“Nuge put in a great defensive showing to break it and then I saw some ice, I just took off and had a small half breakaway earlier so I didn’t want to back off, I just wanted to shoot it. I got a good shot,” said Hyman, who wouldn’t have tried the same move in the second half. And I hit him.” Once hit, he’s twice as shy.

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“He’s a great goalkeeper. He’s tall and skinny and it’s hard to beat him unless you get up. So when you come in so fast, it’s hard to save when you take him down so quickly,” he said.

Draisaitl, who was playing on a sprained ankle, took an edge around the boards from Smith and ended up on his stick for a two-and-a-half minute break after Heyman’s goal. Hyman didn’t bite when asked about Drytail playing on one leg, but he had no problem talking about his hands.

“Just an elite player,” Heymann said, after playing 23 minutes and earning three points.

McDavid is an elite box of course. The stat sheet says he only played 21 minutes but it looked like 41. Probably because he’s been playing as a chain all night, blocking people, coming off checkers, passing people as if they were orange cones and not red jersey skaters. He scored 32 seconds after Draisaitl’s goal was eliminated when he moved through a crease and his ski hit Markstrom’s glove before Draisaitl knocked it down in an instant.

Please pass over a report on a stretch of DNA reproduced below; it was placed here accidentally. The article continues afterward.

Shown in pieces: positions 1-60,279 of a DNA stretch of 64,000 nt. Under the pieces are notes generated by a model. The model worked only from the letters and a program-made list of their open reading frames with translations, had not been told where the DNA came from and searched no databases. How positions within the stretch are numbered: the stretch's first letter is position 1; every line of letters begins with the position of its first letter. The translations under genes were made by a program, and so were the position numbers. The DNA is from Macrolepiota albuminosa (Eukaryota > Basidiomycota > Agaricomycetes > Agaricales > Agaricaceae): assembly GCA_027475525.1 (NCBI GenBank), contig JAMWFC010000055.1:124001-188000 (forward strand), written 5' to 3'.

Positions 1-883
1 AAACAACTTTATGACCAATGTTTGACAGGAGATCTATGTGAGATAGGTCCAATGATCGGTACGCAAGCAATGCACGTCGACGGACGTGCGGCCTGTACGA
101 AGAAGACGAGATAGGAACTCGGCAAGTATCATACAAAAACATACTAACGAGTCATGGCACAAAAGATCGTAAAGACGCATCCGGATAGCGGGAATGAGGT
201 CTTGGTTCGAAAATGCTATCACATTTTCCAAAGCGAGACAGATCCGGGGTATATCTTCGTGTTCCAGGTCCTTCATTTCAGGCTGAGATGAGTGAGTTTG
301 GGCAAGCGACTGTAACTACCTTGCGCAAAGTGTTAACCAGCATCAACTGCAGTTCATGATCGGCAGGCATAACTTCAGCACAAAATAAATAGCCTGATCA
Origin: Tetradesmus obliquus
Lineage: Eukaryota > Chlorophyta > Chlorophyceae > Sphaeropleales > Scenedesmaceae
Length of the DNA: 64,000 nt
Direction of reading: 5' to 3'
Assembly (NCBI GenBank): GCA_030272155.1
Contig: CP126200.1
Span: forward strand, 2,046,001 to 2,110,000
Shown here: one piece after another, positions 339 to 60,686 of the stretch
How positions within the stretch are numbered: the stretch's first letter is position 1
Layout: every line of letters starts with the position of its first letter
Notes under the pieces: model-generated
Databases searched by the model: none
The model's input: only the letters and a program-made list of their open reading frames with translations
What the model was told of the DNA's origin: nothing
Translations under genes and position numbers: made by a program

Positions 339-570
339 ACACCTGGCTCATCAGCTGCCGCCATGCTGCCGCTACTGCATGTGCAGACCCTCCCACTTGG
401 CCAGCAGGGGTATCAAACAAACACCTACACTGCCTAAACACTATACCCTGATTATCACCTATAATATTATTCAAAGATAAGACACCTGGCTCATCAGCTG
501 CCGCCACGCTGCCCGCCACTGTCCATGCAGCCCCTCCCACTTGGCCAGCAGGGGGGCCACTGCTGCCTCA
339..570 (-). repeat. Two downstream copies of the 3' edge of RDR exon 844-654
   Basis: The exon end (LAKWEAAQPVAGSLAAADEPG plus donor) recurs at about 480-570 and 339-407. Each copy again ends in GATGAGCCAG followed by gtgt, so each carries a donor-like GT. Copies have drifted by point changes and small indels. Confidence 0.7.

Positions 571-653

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“I looked hungry to score there after the off-target,” a reporter asked MacDavid.

“I am always hungry to make a play, just happy to contribute,” McDavid shrugged.

He also assisted in Euler’s first goal for Duncan Keith with a one-handed pass and now has 20 points in Euler’s nine games (six in his first two games against Calgary). The fastest of the 20 playoffs to have done so in eight games (Wayne Gretzky three times and Mike Posey once). But McDodd tied Marc Messier and Mario Lemieux in the ninth.

“Everyone watching this… you don’t have to say much,” Heyman said. “He’s very clear. He’s the best player in the world and he’s pushing himself, and I’ve said it before, when you’re the best, it’s easy to get comfortable with guys chasing after you.”

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“But it’s hard to keep pushing and challenging yourself. He’s a guy who wants to win more than anyone else. So you see him pushing himself and pushing our team and these are the results,” said Hyman, who marvels at McDavid’s staying power right now.

“Conor stays equal, nothing bothers him. He is just Conor. He is humble and goes about his day.”

His play against Draisaitl was wiped out with a second-half goal by the referees, but the Oilers shrugged it off like Hyman who should have counted.

“In my play, I just take the puck into the net. I try to get out of the way and Markstrom comes out kind of at the same time,” McDavid said. “It’s the same old story (video review). You never really know. “